The consequences of misinterpreting or misleading a Hispanic customer can lead to difficulty maintaining sales or even loss of customers. Some businesses think that an easy “fix” to a language barrier is to simply hire an interpreter to do all of the communicating.
Common Business Mistake #3
“I do not need to train my staff to speak a little Spanish because we already have an interpreter.”
It is a group effort of the entire staff to make a person feel welcome in a business.
The ratio of interpreters to clients can become increasingly imbalanced and overwhelming for the one employee who is being relied upon to assist all of the Spanish-speaking customers.
If that employee leaves the business, then the client is likely to leave as well. Also, many business do have Spanish-speakers on staff, but are not qualified for professional interpretation. This is usually a janitorial staff member, and sometimes even a family member of the client. When they are called upon to interpret for the company, they are not being compensated for the extra work, nor is this an effective or professional means to assist the client.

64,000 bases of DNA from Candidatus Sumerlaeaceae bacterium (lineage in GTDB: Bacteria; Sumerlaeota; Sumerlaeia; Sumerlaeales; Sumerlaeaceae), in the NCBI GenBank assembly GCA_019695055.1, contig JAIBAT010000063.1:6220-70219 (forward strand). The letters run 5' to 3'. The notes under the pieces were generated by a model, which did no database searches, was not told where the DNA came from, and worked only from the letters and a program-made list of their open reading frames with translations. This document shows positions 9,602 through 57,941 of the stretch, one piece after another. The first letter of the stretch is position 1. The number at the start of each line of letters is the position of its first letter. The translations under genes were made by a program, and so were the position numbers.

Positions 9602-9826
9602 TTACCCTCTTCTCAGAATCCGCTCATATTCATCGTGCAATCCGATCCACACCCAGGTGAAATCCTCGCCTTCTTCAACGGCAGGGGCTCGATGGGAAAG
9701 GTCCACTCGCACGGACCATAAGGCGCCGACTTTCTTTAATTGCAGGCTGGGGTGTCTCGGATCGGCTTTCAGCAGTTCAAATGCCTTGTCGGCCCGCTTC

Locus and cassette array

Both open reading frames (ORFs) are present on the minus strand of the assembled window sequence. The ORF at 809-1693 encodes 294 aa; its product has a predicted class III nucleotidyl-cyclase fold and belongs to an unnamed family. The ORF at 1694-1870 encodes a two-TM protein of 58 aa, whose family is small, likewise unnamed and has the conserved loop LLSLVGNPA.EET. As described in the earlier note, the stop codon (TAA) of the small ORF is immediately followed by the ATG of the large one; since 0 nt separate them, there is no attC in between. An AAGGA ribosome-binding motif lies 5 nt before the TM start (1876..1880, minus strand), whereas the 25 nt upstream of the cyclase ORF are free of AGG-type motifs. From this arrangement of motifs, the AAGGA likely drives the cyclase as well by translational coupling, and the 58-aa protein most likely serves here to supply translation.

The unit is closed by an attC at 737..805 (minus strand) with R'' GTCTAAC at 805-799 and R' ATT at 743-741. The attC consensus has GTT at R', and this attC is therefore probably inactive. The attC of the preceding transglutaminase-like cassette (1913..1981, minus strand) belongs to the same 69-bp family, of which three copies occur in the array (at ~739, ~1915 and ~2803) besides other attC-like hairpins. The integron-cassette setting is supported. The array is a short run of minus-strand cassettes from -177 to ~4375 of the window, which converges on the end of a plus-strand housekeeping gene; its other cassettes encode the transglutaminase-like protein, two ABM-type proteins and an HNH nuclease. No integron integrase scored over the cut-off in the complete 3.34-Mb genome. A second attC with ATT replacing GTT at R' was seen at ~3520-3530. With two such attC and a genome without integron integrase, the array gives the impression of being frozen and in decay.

By delegating the task of interpretation to only one employee, companies are not building trust with their clients; trust is only built with the interpreter.
- The best way to build trust within the first five minutes of staff-customer interaction is to train your staff quickly and affordably without having to invest in long college classes.
- If your staff can learn the basics of the language, and the simple cultural differences between Americans and Hispanics, such as how to greet children and how to convey a positive message using body language, then your organization will effortlessly expand throughout the Spanish-speaking population.
- Knowing how to build trust with the client is the best way to keep their business, and by doing so, they are likely to recommend the business to their friends and family.